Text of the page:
Did you know that an "aging population" is taking over the U. S. roadways? Check out these statistics:
- A person 65 years-old needs 4X the amount of light to see at night compared to a 25 year-old.
- By 2025, The AAA Foundation for Traffic Safety projects that 1 out of 4 drivers will be 65 or older.
- The larger the sign, and increased retroreflectivity, allows for quicker decision-making for older drivers and faster response times by emergency personnel, allowing them to more easily read and understand signs thus reducing travel times to emergency situations.
- More than 50 percent of traffic accidents resulting in fatalities occur at night. Increased retroreflectivity helps to address this issue.
There are no requirements to replace “perfectly good signs” with new signs because of the mixed case standard. The requirements for mixed case letters in street signs generally apply when signs are replaced because of normal wear and tear. Thus, there is no added cost associated with this requirement.
Many media reports are factually incorrect when they state that signs must be replaced by January 2012. The only requirement for this date is that roadway owners have a sign management plan in place.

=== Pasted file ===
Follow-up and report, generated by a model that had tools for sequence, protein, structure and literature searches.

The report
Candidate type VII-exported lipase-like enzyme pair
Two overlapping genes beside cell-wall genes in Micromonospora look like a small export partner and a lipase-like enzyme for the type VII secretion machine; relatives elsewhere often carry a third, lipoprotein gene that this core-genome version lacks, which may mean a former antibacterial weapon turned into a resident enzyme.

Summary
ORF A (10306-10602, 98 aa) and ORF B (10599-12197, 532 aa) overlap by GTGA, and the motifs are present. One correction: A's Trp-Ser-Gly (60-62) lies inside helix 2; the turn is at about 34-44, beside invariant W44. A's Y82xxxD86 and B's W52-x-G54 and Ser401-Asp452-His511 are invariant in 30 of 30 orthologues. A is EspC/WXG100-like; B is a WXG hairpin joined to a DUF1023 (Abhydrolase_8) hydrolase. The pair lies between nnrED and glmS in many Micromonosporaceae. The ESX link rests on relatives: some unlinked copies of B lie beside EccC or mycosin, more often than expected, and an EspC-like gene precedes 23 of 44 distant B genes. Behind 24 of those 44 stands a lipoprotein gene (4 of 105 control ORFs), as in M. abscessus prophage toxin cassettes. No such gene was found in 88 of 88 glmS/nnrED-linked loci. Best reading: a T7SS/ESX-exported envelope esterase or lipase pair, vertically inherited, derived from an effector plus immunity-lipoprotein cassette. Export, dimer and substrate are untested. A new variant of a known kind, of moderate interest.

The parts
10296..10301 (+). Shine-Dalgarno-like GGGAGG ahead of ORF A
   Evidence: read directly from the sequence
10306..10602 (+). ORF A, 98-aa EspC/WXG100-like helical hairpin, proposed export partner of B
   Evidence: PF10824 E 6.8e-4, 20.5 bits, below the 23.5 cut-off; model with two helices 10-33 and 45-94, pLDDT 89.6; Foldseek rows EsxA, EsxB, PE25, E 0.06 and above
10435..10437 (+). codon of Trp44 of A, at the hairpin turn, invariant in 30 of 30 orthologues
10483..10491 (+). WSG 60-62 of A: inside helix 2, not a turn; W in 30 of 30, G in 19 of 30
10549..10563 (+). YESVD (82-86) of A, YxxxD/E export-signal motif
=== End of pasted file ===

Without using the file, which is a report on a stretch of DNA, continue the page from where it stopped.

In 2000, the MUTCD established recommendations for minimum letter heights on street name signs. The MUTCD recommends 6” initial letter height for roads with speed limits of 40 mph or less with an option of 4” initial letter height for streets with speed limit 25 mph or less. Agencies need to evaluate and decide by January 2012 whether or not to use the recommended letter height or use an engineering study or engineering judgment to decide that a smaller letter height is acceptable.
In 2003, the MUTCD added a recommendation for letter heights of street name signs on multilane roads with speed limits greater than 40 mph. The MUTCD recommends 8” initial letter heights for post mounted and 12” letter height for overhead street name signs. Agencies need to evaluate and decide by December 2018 whether or not to use the recommended letter height or use an engineering study or engineering judgment to decide that a smaller letter height is acceptable.